NCR Today

Invitation to Chicago readers


Here's an invitation to readers in the Chicago area interested the immigration issue.

Join Arise Chicago and partner organizations of Illinois Coalition for Immigrant and Refugee Rights for 2 critical actions this week.
1. ICE Director John Morton, the man responsible for the highest deportation rate in American history, is coming to Chicago this Tuesday.  He agreed to meet with advocates but has refused to meet with working families directly affected by deportation. Join us for an action outside his meeting.
Where: 101 W. Congress
When: Tuesday, June 28th 11:45am-1:00pm
2. Unity Rally for working immigrant families.  
Join Arise Chicago, ICIRR, partner organizations, Congressman Gutierrez, Alderman Danny Solis and 30 Elected Officials to demand that the President: STOP Deporting DREAM students, STOP the separation of families, and REFORM Secure Communities.
Where: Teamster Hall @ Ashland & VanBuren
When: Thursday, June 30th 5:30-7:30pm

Thoughts on blogging


I'm finding this small blogging gig to be humbling and inspiring. I said last week that I hesitated to write suggesting questions the Right to Life Convention could ask potential presidential nominees. I didn't want the nasty responses I was guessing would come.

Don't hesitate, a dear reader wrote. Looking in from the outside, we also want your "wealthy nation to choose life" and we also "just don't see it happening." As I say, I was humbled and inspired.

The disparity of wealth and the '70s


The recent discouraging news on the economy, especially with respect to unemployment, has once again fueled the debate as to the causes of this very slow so-called recovery.

But few focus on the key issue of the declining incomes and purchasing power of middle-class and working-class Americans. Since the 1970s, these vital classes have seen their incomes decline. As their incomes decline, they have to resort to having dual spousal incomes, buying on credit and overusing their credit cards, and using their mortgages as borrowing machines.

However, these strategies are less viable during this Great Recession.

New religious order of women starting in Boston


From the Boston Globe:

It was May 2001 when Sister Olga Yaqob arrived in Boston. She had graduated top of the class in seminary in her native Iraq and was offered a scholarship to study ministry and spirituality at Boston College. First, she had to learn how to speak English. She studied for two years in an intensive program at Boston University.

“I cried a lot,’’ said Yaqob. “I never thought I’d learn this language.’’

As an Assyrian Christian nun, Yaqob always wore an ankle-length habit with a veil. In the months following Sept. 11, 2001, people often mistook her for a Muslim, with her olive skin and covered head. She was detained at airports, and when she sat down next to people on the T, they’d change seats.

But she got her master’s degree from BC, converted to Catholicism, worked as a campus minister at BU and was promoted to university chaplain. Her most recent accomplishment had not been achieved in the Archdiocese of Boston since World War II: she founded a religious order of sisters.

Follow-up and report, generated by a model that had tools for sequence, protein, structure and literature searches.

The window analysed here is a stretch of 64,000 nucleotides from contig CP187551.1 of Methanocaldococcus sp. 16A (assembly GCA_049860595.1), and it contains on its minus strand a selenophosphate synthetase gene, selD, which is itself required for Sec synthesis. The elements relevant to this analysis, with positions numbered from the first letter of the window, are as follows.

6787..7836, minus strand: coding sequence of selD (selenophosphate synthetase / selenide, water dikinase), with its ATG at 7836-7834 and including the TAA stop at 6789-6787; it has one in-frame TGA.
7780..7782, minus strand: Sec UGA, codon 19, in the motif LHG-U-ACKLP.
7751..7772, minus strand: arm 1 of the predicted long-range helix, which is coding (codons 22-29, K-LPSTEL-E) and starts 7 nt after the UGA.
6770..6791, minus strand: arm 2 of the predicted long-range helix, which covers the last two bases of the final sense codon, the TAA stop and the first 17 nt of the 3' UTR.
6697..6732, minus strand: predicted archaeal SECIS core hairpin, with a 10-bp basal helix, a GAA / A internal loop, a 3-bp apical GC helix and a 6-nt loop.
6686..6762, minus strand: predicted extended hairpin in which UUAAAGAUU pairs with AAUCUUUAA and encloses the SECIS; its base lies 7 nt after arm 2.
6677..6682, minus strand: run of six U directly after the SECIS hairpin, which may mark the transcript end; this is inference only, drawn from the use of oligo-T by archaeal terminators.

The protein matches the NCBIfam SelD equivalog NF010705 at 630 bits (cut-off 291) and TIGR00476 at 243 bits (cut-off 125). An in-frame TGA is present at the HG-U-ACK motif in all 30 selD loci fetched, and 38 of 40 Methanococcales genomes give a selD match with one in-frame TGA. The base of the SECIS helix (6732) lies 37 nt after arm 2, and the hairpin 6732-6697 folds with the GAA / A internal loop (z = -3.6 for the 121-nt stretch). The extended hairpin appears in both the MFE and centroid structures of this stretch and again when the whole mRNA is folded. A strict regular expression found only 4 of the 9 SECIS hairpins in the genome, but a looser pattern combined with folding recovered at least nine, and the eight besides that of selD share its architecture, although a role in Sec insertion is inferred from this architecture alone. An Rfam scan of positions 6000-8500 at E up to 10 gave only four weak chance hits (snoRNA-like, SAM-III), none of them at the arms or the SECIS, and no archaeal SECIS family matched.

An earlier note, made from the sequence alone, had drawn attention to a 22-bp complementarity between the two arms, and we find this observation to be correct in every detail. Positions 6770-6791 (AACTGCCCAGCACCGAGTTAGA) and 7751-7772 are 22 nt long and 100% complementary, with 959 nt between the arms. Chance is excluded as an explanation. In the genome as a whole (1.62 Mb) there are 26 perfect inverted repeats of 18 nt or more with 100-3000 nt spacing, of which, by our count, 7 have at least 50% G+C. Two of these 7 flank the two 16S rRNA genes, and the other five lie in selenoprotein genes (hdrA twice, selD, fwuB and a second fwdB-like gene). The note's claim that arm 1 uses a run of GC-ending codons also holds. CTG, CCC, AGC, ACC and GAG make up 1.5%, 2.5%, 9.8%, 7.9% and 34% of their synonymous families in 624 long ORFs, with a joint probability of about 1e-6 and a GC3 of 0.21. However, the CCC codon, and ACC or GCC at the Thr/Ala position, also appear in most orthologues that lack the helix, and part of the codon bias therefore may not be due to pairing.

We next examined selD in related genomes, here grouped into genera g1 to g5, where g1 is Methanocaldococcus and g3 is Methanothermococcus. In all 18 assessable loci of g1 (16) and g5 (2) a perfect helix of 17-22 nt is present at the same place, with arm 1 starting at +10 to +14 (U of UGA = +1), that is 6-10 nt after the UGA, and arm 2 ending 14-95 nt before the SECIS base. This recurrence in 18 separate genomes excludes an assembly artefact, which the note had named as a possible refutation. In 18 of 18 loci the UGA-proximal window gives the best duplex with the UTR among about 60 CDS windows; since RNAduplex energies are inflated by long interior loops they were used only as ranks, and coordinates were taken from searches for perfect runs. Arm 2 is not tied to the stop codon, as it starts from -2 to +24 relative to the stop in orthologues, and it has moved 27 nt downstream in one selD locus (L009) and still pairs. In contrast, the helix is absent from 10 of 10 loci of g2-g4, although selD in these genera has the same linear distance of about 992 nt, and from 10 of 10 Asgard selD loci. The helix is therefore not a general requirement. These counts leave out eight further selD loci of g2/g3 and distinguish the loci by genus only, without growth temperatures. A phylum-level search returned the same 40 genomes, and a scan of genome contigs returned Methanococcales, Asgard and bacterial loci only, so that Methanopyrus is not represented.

On this day: Requiem for a Heavyweight


On this day, 75 years ago, a Solemn Requiem Mass was sung at Westminster Cathedral for the repose of the soul of Gilbert Keith Chesterton.

Visits to Lourdes and Lisieux earlier that spring had not helped, and on June 14, 1936, G. K. Chesterton died.

"The then Parish Priest, Monsignor Smith, gave him the last Sacraments and as he lay dying in Top Meadow, Grove Road. Fr Vincent McNabb, O.P., kissed the pen with which he had written so many noble words and sang the Salve Regina, as is the custom in the Dominican Order."

-- "Gilbert Keith Chesterton (1874-1936)", Church of St. Teresa, Beaconsfield.

Morning Briefing


Malta Burgers - \"giving homeless men a second chance\"


From News Channel 15, Fort Wayne, Ind.:

From the outside it may just look like another burger joint trying to make it in Huntington, but inside, it’s much more. Malta Burgers opened for business Wednesday. It’s a fast food restaurant aimed at giving homeless men a second chance.

Only one paid employee works at the restaurant. The rest of the men live in the Malta House, a not-for-profit men’s shelter in Huntington.

10 men currently live in the Malta House. They sign up for a year-long discipleship program with the faith-based organization, working six days a week in a thrift store, handyman program, or the new restaurant. The entire profit for Malta Burgers goes right back in to the organization’s ministry. It receives no government funding.

Throughout the NY Archdiocese, \"School's Out Forever\"


In today's New York Times, David Gonzalez offers a moving portrait of the closing of St. Martin of Tours, a Catholic elementary school in the Bronx, which has served the community for 86 years. He focuses particularly on the school's principal, Sister Nora McArt, who has worked with the children of St. Martin's for more than four decades.


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In This Issue

June 16-29, 2017